News

Your movements are being tracked down to the inch: Colleen Josephson and Yan Shvartzshnaider

Our guests today, Yan Shvartzshnaider and Colleen Josephson, discuss how a new technology embedded in newer Apple iPhones has the technology to track the owner's movements, down to the inch, indoors.

 

Dean Andrea Goldsmith welcomes you to Princeton Engineering

In this video, Dean Andrea Goldsmith provides an overview of what makes Princeton Engineering special.

Why YouTube review videos are often really paid ads (and how you can tell the difference): Michael Swart, Princeton Class of 2019

Our guest on "Cookies" today, Michael Swart, says a lot of YouTube review videos are practically paid commercials without even telling you. And he has a way to tell the difference.

Tool helps clear biases from computer vision

Researchers at Princeton University have developed a tool that flags potential biases in sets of images used to train artificial intelligence (AI) systems. The work is part of a larger effort to remedy and prevent the biases that have crept into AI systems that influence everything from credit services to courtroom sentencing programs.

How secure is the internet from attacks?

Jennifer Rexford, chair of the Princeton University Computer Science Department, visits the podcast to discuss what kind of vulnerabilities exist in the Internet that allow hackers to exploit its weaknesses.

Graduate students honored with Siebel Scholar awards

The Siebel Scholars Foundation has awarded Siebel Scholars fellowships to six Princeton University graduate students: Sotiris Apostolakis, Kyle Genova, Wei Hu, John Li and Divyarthi Mohan in computer science; and Joseph Hamill in chemical and biological engineering. Now in its 20th year, the program annually recognizes exceptional students from the world’s leading graduate schools of business, computer science, energy science and bioengineering.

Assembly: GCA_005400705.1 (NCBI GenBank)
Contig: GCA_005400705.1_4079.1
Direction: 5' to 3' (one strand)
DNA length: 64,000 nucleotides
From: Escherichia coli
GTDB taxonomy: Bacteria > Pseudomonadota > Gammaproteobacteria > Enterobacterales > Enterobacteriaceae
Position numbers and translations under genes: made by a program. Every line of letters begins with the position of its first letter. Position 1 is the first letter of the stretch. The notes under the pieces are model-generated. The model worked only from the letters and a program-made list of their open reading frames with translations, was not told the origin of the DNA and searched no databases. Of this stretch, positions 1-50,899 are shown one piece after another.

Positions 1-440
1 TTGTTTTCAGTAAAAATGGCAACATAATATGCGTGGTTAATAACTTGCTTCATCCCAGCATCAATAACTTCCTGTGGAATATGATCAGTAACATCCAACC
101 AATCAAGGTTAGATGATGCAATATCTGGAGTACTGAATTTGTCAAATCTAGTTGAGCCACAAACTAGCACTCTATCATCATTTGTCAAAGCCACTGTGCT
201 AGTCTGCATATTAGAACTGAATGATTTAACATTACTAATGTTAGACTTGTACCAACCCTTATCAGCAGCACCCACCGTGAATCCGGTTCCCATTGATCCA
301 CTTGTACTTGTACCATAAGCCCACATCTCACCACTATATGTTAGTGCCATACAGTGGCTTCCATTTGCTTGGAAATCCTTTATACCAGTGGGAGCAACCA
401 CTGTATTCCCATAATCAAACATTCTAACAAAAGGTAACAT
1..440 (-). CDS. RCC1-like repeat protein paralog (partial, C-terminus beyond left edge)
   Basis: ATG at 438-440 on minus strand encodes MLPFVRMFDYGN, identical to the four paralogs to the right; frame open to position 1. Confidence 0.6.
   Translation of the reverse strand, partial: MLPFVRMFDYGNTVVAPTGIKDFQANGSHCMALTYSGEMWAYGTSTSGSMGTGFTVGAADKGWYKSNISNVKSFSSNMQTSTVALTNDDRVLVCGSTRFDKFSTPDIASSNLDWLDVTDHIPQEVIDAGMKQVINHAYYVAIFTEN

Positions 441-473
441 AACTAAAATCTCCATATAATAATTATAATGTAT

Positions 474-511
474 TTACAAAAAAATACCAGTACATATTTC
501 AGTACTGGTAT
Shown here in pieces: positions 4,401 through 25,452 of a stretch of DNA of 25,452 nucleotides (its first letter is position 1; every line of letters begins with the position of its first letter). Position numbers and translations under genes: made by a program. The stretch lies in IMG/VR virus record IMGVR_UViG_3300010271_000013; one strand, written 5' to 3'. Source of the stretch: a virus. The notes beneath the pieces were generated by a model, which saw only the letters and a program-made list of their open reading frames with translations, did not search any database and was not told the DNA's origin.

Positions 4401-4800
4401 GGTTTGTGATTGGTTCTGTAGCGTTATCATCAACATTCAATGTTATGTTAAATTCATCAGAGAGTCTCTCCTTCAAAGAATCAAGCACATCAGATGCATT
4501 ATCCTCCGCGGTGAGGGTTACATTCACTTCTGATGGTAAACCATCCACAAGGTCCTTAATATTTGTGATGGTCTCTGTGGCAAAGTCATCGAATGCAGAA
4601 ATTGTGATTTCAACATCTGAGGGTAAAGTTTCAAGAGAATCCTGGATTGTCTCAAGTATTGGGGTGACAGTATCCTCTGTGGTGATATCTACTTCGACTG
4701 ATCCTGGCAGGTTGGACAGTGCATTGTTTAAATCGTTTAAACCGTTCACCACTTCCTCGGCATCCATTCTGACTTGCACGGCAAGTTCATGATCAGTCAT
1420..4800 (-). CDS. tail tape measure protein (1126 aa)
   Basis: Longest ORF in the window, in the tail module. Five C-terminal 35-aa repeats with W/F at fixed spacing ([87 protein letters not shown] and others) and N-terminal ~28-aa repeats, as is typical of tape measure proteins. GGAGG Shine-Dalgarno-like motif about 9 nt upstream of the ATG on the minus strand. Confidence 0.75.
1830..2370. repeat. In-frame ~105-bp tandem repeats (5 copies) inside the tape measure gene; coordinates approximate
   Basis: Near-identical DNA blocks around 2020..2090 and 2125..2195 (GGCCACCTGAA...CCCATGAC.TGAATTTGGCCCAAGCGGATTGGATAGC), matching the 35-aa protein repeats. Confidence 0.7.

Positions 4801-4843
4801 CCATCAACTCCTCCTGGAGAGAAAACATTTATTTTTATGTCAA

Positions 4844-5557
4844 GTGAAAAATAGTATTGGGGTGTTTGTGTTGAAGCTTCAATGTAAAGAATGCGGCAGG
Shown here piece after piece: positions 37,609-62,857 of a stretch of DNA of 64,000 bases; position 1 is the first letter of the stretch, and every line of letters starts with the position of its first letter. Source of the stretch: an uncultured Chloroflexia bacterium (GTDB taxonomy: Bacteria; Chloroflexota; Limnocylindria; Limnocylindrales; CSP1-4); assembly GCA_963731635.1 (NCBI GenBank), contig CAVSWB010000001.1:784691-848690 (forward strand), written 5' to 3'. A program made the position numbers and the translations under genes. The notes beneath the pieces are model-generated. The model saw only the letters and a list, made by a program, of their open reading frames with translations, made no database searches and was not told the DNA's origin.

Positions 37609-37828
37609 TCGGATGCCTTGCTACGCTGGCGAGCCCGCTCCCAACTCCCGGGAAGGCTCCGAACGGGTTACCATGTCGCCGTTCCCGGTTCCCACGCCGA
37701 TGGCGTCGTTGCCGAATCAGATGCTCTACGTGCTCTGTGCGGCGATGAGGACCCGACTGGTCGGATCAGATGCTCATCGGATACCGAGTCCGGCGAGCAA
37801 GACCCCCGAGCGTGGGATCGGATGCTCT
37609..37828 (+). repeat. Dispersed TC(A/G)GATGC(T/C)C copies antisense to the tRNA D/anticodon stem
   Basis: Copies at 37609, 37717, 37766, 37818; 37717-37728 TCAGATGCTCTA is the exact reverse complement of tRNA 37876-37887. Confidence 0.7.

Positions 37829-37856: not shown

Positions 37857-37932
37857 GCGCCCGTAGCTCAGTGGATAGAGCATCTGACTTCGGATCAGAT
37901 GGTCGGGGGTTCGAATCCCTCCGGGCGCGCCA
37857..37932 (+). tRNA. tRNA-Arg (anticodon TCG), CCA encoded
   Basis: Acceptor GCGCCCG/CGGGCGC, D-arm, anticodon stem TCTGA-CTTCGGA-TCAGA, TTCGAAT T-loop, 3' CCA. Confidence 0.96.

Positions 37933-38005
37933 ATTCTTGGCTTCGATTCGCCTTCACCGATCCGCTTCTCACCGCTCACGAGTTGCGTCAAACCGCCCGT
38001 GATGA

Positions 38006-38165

Engineering students honored for academic achievement

Princeton University celebrated the academic accomplishments of its students with the awarding of four undergraduate prizes to seven students, including four engineering students. While the annual prizes are typically awarded at Opening Exercises, there was no ceremony this year due to the ongoing COVID-19 pandemic.

Episode 3: Bulletproofing the Ballot Box

There’s been a lot of anxiety lately about the security of the American balloting infrastructure, but Andrew Appel has been thinking about this question for years. He has research specialties in public policy and security and privacy. He’s a well-known specialist in election technology. 

Algorithms uncover cancers’ hidden genetic losses and gains

Limitations in DNA sequencing technology make it difficult to detect some major mutations often linked to cancer, such as the loss or duplication of parts of chromosomes. Now, methods developed by Princeton computer scientists will allow researchers to more accurately identify these mutations in cancerous tissue, yielding a clearer picture of the evolution and spread of tumors than was previously possible.

Episode 2: Why Online Media Platforms Get You Hooked

This is the second half of our conversation with Arvind Narayanan, associate professor of computer science here at the Princeton University School of Engineering and Applied Science

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